Wednesday, September 4, 2013

Lightnin Malcolm - Rough Out There - The Blues At Its Best 2013

Lightnin Malcolm is the real deal - he's steeped in the tradition of the Mississippi juke joint blues, and Rough Out There just may be the best pure blues to cross my path this year. Out September 10th on Shakedown Record, it's a very self-contained project with Malcolm being joined by drummers Cam Jones, and Carl Gentle White (AKA Stud), the grandson of blues legend T Model Ford (New York Times Obituary, 7-18-13), the latter with whom Malcolm cut his musical teeth for many years as a drummer. Yes, this record is steeped in it.

(Note: This edit deals with guitarists and drummers - when I reviewed the record, I wasn't ware of Cam Jones role - funny, because all the drum tracks are excellent, and it still comes across as pure cohesion. Cam plays on tracks 1, 3, 8, 12, and 13. Luther Dickson plays slide guitar on tracks 1, 5, 8, and 13.)

Malcolm also may be familiar to many as a touring member of The North Mississippi All Stars. This fall finds him touring furiously with the Dickerson brothers as the All Stars cross the US, then head out to Europe and the UK. He'll be holding down the bottom on bass for the band and opening up shows as a solo act. In his spare time he also found his way to aiding the All Stars on their excellent new record, World Boogie Is Coming. Busy is good, and Lightnin Malcolm is busy.

Workin kicks off the manifesto as Malcolm proclaims to be "Chasin' that blue sky, all down that road," and it sounds like it must be true. The beat is insistent and the guitars are as tough and thick as nails - when the slide comes out the soloing commences and Malcolm sounds like he was born to this. His tones are perfect - not too shrill, not mushy, but rather taut and on point.

If you told me that this record was where someone like Fogerty got his inspiration back in the sixties, I wouldn't blink. My Life's A Wreck is a choogling number, and the guitar riffs are perfectly nested under the story. Stud's drum fills do indeed sound like he grew up on Malcolm's lap as a youngster - they come off as joined at the hip in the best sort of style. They've known each other all their lives and in a genre in which timing is everything, they've got it covered.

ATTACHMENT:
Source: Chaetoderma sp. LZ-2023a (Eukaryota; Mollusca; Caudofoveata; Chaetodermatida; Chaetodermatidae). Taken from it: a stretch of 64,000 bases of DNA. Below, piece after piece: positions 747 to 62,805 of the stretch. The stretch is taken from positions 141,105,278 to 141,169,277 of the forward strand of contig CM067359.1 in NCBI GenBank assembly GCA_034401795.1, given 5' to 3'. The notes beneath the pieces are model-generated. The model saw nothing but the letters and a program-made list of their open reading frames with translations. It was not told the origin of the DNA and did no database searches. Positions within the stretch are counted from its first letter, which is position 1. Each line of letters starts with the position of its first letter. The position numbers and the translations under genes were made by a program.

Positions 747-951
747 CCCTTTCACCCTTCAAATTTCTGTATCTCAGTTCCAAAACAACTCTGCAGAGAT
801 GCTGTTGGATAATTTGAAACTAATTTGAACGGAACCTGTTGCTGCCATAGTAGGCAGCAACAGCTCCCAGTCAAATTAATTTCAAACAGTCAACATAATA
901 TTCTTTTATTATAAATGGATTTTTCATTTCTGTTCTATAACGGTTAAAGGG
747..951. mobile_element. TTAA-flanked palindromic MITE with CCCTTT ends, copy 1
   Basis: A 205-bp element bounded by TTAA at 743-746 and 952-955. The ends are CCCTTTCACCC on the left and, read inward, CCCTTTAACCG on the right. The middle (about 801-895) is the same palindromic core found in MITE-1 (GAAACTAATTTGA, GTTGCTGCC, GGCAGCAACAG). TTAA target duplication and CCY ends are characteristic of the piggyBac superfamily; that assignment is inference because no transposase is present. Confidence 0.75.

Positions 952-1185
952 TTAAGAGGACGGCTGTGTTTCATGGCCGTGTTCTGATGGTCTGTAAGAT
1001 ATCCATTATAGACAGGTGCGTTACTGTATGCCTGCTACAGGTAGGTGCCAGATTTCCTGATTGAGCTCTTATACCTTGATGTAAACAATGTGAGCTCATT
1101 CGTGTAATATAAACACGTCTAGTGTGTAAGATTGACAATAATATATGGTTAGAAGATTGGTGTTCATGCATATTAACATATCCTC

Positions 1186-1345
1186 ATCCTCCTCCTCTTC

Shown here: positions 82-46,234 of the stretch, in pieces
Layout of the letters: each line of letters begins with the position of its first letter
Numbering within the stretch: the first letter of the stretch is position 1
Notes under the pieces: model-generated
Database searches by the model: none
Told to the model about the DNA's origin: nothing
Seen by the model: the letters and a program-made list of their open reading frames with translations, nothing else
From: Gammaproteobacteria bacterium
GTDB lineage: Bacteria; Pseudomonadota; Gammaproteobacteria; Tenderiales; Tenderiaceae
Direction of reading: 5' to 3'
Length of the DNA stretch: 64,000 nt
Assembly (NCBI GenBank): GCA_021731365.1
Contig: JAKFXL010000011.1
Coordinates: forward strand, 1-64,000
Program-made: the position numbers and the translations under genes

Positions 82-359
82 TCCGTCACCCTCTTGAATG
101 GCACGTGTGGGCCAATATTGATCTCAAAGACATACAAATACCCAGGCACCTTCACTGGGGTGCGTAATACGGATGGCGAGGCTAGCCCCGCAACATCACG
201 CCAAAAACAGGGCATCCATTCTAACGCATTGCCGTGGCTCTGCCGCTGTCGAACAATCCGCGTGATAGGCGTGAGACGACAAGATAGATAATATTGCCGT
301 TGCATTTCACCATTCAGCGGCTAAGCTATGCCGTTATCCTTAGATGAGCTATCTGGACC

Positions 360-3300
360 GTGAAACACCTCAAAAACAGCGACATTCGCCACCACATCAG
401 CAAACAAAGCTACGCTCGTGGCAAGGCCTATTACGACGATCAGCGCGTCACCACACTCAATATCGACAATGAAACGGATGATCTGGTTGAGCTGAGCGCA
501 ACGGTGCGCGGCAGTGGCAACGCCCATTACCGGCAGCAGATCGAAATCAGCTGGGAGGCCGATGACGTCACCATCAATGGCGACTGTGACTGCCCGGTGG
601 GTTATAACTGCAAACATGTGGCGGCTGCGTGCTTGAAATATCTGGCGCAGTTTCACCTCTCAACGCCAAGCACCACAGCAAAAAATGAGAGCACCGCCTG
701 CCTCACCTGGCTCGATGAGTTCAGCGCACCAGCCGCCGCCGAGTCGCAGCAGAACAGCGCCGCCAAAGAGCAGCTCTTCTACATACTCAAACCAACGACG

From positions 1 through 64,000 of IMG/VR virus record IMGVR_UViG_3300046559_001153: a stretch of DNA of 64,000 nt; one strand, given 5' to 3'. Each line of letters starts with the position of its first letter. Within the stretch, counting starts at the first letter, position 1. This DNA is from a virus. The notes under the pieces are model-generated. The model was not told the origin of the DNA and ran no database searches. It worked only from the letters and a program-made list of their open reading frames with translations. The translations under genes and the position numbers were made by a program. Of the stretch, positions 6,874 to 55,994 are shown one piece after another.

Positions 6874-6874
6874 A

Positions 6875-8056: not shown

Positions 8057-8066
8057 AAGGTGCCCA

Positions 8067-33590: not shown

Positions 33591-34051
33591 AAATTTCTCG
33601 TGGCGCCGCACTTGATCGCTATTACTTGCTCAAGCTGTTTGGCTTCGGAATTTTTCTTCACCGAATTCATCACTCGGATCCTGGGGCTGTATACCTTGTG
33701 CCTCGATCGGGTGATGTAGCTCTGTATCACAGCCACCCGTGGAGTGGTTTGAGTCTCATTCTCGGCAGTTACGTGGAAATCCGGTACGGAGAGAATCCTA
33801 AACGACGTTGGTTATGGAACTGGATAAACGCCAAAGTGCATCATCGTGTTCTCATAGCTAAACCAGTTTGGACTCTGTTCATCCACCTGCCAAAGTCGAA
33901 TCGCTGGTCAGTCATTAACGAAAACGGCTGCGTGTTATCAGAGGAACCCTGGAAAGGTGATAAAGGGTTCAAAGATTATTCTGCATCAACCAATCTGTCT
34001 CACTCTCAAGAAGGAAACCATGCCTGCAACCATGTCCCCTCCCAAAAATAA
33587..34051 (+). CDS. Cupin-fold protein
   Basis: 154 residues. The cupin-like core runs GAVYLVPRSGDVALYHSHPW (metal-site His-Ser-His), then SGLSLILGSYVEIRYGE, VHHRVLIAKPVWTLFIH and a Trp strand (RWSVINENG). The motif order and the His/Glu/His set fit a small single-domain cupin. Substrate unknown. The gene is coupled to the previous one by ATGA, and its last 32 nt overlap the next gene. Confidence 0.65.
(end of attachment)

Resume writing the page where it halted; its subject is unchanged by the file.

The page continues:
Dellareesa reminds me of some long lost David Lindley record with its caribbean horns and beats that keep things moving - again, the drums are perfect as toms careen wonderfully alongside both Malcolm's vocals and the horn charts. Malcolm makes it all sound organic - there's no sense of genre jumping.

Wicked wah-drenched shards of guitar belch forth to form Reality Check - from a thick slurry of chords to some skronky and slick single string work, the intro leads into a reggae beat that has me dancing in my seat as Lightnin unfurls the tale. The way-wah comes back out for the solo, and now you hear that Malcolm did hear a Zeppelin record, or two - his solo sounds like it came out in one beautiful flow, and without the pentatonic predictability that makes most blues rock so boring. No, this is In The Moment 101, as Malcolm lays it down as it happens. Great stuff.

Malcolm's well versed songwriting keeps things from becoming rote, or a bore - So Much Trouble sounds like a Curtis Mayfield remnant, and the drums continue to contribute mightily to the arrangements - I often say that great drumming separates good records from great records, and this serves to prove the point. Redemption seems to play a part in Lightnin Malcolm's catalog - there's no sparing the dark, but it's always lit with sonic hope. This is some seriously soulful music.